The Best Guide to Norfolk Folklore, Part 1
If you haven’t realized already, Norfolk is weird and proud of it! In fact, when you really start to think about it, our county is the perfect candidate as a folklore capital – it’s certainly old enough, with stories easily dating back to the Roman period, and with our rural roots still standing strong, it comes as no surprise that Norfolk is home to a cornucopia of cryptids, it’s fair share of fairies and more than a handful of horrors…
Folklore is responsible for much more than simply scary stories and old wives tales, and in fact, local myths and legends can be more relevant to the way things are now than we think. Being as historically and culturally rich as it is, Norfolk has many fanciful and frightening legends, from ancient kings to magic cows (yes, seriously) to things that go bump in the night – we hope you’re sitting comfortably because here is our first part of our ABC guide to Norfolk Folklore!
Norwich castle is thought to have been built by William the Conqueror, not long after their conquest sometime between 1066 and 1075. Originally built as a motte and bailey style fortification, over the next several hundred years the castle found itself being home to some of the most important moments in Norfolk’s history!
Now, what if we told you none of that was true, and in fact, the castle was built by a mysterious and unknown mythical king named Gurgunt? While yes, technically this isn’t the truth, and the historical record shows that old Gurgunt probably didn’t exist, isn’t thinking that an ancient king is ready to burst forth from Castle Hill, armour and all, when Britain is in danger more fun? As legend has it, Gurgund was the son of Belanus, a Celtic god of healing – and after falling in love with Norwich, decided to build the castle and the city that surrounded it! When it came time for Gurgunt to die, he decided he would be buried at the base of his castle, surrounded by his worldly treasures and possessions, waiting to rise again when truly needed.
This legend clearly was popular in the 16th century too, as during a visit by Queen Elizabeth I in 1578, the Mayor of Norwich Robert Wood, dressed in his likeness and followed the royal procession through the city, hoping to present the story of Gurgunt to the monarch. As the party reached Town Close, Wood (as Gurgunt) had his chance and began to tell his story, just as it began to rain, causing the Queen to find shelter, and cutting Gurgunts tale short, and relegating it to mere local legend.
The Lantern Man
While folklore can be fun and fanciful, it can also strike fear in the hearts of locals and even folks county wide – such stories have been known to keep children awake at night, and even cause people to walk a little quicker home from the local public house. One such tale would be that of the Lantern Man… This folklore figure is far less enjoyable than our friend Gurgunt and actually has been purported to be the reason behind multiple deaths in the area – as is the story of Joseph Bexfield.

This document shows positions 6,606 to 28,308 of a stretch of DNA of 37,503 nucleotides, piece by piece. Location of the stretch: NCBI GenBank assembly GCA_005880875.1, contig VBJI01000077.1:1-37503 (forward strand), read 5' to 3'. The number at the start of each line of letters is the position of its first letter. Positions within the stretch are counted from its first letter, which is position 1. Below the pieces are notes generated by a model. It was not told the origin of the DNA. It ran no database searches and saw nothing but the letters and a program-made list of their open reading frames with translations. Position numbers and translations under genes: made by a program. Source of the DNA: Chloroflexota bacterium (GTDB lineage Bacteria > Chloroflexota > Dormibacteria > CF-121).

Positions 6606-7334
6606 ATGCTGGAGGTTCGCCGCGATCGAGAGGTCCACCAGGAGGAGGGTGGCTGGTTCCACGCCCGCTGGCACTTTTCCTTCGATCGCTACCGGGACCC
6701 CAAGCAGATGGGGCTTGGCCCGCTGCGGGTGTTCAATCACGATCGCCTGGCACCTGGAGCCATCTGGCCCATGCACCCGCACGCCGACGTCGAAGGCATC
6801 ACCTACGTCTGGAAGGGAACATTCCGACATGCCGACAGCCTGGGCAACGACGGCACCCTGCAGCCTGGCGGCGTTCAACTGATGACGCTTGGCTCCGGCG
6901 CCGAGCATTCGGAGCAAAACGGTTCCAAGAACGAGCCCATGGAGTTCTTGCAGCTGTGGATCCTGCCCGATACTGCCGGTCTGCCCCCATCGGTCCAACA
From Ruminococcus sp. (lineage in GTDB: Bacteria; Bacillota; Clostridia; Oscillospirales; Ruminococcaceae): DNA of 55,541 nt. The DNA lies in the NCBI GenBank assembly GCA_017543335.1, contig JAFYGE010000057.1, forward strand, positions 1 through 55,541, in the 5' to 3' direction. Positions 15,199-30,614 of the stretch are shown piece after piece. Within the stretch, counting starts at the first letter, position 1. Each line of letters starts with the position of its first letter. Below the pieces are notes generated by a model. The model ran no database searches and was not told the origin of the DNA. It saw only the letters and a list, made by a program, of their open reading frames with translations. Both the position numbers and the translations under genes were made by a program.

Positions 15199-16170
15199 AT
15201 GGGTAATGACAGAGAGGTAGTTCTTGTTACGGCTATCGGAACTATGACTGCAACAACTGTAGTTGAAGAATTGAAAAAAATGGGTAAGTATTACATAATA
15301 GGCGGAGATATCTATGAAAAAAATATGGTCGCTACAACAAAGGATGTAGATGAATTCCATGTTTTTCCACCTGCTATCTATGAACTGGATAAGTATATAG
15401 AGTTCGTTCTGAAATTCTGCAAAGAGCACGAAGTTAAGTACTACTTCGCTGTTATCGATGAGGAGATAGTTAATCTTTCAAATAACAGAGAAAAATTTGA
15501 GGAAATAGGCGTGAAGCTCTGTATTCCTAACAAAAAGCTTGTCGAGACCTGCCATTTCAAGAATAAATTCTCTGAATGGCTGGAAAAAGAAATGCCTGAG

It was 1809, and Joseph Bexfield was a wherryman – a now antiquated profession of rowing a certain type of boat known as a wherry. Joseph, and his fellow sailing friends found themselves one August evening in the White Horse in Thurlton. It was a pitch-black night, as cloudless nights on the marshes tend to be, when Bexfield remembered he had left a package for his wife on his wherry. His friends pleaded for him to stay, not for the darkness, but for the lights that punctuated the pitch blackness – the Lantern Man was making his rounds. Of course, Joseph’s story would not be a memorable one if he had decided to stay – stepping confidently out into the darkness, Bexfield was never seen alive again.
The Fairy Cow of South Lopham
Often, a story’s title is so interesting that you can’t help but read on – as is the case of the fairy cow of South Lopham. Located just east of Diss, the village is a small one at that, but like all places, South Lopham has its own secrets and legends.
Technically, this is the story of the locally fabled ‘Ox-Foot Stone’, a large sarsen stone that has an impression that looks, apparently very much like, that of an ox or cow’s hoof pressed into it. Located on the eponymously named farm in the village, the stone has garnered a handful of local stories and fables around it, some a little more fanciful than others.
As one legend has it the print was that of not just any cow, but a fairy cow, who in an act of fairy friendliness would appear on the stone during a time of drought, offering milk to the thirsty townsfolk. The mystic bovine would only appear for as long as the drought, and when the hardship was over, the animal would stamp its hoof once upon the stone and vanish.
Another tale suggests that the impression in the stone had less to do with fairies, and more to do with people drinking too much, which immediately is more believable. As the story goes, a villager one night, who had ‘drunk too deeply of the Norfolk nut-brown ale’, made his merry way down to the meadow to milk the very ordinary cow. Alas, in his stupor, the villager had mistaken his sieve for his pail! Soon enough, he had milked the cow dry, but in his stupidity, kept milking the poor animal, so much in fact he drew blood, causing the creature to moan in pain, and stamp its hoof so hard, it left its print in the stone!